An Excerpt from Sowerby's Road: Adventures of a Driven Mind, by Garry Sowerby
and the Sourtoe Cocktail
Things didn't sound quite right at the Pelly Crossing filling station in the middle of the Yukon Territory. The gurgle of the fuel I was pumping down the filler neck had a frothy note, reminiscent of the sound of filling up one of the diesel pick-ups I've owned over the years.
I smelled the nozzle before I hung it up and, at precisely the instant my nose processed the 'Diesel-you-idiot' warning, my eyes focused on the word DIESEL on the front of the fuel pump.
To say I felt stupid was an understatement. The gasoline-powered Chevy Blazer I'd rented from National Car Rental in Whitehorse obviously would have to have its tank drained and the delay would cut the heart out of the mere six hours of daylight that mid-December offered at this latitude. It might even disrupt overnight plans at Bombay Peggy's, a renovated former brothel in Dawson City, where Lisa had reserved the Lipstick Room.
"There's a silver lining though," I tried to be upbeat as I confessed the fueling blunder to my wife, Lisa. "It's Friday the 13th and this should be enough of a screw-up for clear sailing at Bombay Peggy's along with my quest to be ordained into Captain Dick's Sourtoe Cocktail Club."
Lisa realized how sheepish I felt. The affable lady at the service station told me lots of people had filled their gasoline cars with diesel fuel there. Her boyfriend, David, had the day off and could be on the scene in a few minutes. He had helped out some of the other 'fuel losers' here on the Klondike Highway between Whitehorse and Dawson City, just south of the Arctic Circle.
David arrived and after two hours of coaxing, we managed to siphon most of the fuel out of the tank. We refilled with gasoline and headed out into the afternoon twilight.
We arrived in Dawson City, a town of 1,900 people, that was once the largest city west of Winnipeg and north of San Francisco. Bombay Peggy's turned out to be a lovingly restored Inn that had been a bustling bordello. After 535 kilometres of icy roads, snow squalls and the diesel fuel fiasco, the friendly hosts and lush appointments of the Lipstick Room were a welcome change.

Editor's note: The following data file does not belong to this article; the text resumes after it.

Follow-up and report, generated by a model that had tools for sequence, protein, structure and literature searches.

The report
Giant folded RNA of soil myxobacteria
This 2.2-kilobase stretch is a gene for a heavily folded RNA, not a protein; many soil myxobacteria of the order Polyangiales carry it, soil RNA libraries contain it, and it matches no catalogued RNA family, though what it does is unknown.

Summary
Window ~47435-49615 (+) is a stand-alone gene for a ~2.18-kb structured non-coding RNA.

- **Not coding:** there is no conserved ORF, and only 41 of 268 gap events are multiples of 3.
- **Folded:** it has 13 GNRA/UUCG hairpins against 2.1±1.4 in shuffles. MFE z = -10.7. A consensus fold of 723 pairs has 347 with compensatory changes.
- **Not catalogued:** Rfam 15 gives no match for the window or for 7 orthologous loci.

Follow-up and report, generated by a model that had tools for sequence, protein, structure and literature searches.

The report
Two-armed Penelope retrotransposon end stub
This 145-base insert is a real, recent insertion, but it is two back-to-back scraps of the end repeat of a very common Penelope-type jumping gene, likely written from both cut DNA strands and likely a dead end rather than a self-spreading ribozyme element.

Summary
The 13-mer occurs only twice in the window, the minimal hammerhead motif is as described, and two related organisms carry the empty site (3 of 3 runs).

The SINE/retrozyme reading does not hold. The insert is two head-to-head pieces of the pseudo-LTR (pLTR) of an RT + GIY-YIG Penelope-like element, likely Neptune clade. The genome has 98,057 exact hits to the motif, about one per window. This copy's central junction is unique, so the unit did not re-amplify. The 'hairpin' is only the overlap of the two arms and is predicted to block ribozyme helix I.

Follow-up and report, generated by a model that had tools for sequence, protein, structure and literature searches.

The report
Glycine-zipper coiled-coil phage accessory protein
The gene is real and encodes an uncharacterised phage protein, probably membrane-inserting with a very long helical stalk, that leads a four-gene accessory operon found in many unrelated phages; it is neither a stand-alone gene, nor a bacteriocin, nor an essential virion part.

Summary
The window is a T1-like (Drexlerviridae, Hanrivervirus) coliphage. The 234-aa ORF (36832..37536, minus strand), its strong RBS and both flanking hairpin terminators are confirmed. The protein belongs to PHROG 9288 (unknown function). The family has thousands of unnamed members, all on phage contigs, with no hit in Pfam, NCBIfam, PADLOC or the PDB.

After an hour of rest, the Sourtoe Cocktail beckoned so we left the cozy hotel and moseyed across town to the Sourdough Saloon located in the Downtown Hotel. The streets were deserted. The lonely sound of our boots on the wooden sidewalk reminded me of a cattle rustler heading to the gallows in a 1950s western movie. What had I gotten myself into with this Sourtoe Cocktail?
The Sourdough Saloon wasn't much livelier than the wintry streets of Dawson City. Three locals sat at a table hunched over glasses of draught beer. Lisa and I approached the rustic bar a few stools down from the only other patrons, a grizzled couple whispering sweet nothings to each other.
"What would you like?" asked Donna Nickerson, the chatty bartender.
"We came for the toe," Lisa replied. The locals looked up from their drinks. "The toe or the full foot?" Donna went on to explain that the full foot consisted of 5 toes rather than just one big toe.
"Just the toe."
I felt a lump in my throat and considered bolting back to the comfort of the Lipstick Room. Donna produced a small crock, undid two metal fasteners and pulled the top off, revealing a mound of coarse salt.
"Now I gotta dig for it," she said with a smirk.
There was no doubting what it was: a hefty-sized big toe, nail and all. My stomach heaved as Donna explained that the drink I chose should not have any ice in it. I wondered if the toe would sink or float. When she plopped it into a glass of water to rinse off the salt, I averted my eyes.
"After I put it into your cocktail, I have to see the toe rubbing against your lips as you drink." She seemed to enjoy the ritual.
My last thought before imbibing was to wonder if it was poisonous, but surely I would have heard about Sourtoe casualties on Fox News or seen bizarre headlines splattered across the front cover of a National Enquirer at a supermarket checkout somewhere.
I tipped the drink back and eventually felt the grotesque appendage rub against my top lip. The more I drank, the more toe pressure I felt.
"No one can take it from me now," I thought as Donna declared me 'Sourtoed'. I thought I heard a sole handclap. It was over. What taboos had I violated? On the walk back to Bombay Peggy's, I examined the authentication certificate Donna had presented to me. I was Club Member #12,224. There's even a web site where non-believers could get more information. I smiled to myself thinking that kissing a cod in Newfoundland had nothing on this Yukon ritual.
My mind drifted to the cozy Lipstick Room just as Lisa assured me my toe-touching lips were not high on her list of priorities. I slipped my arm around her shoulder trying to warm things up.
"Your sleeve smells like diesel fuel!" She muttered.
I looked at my watch. Ten-fifteen.
It was still Friday the 13th.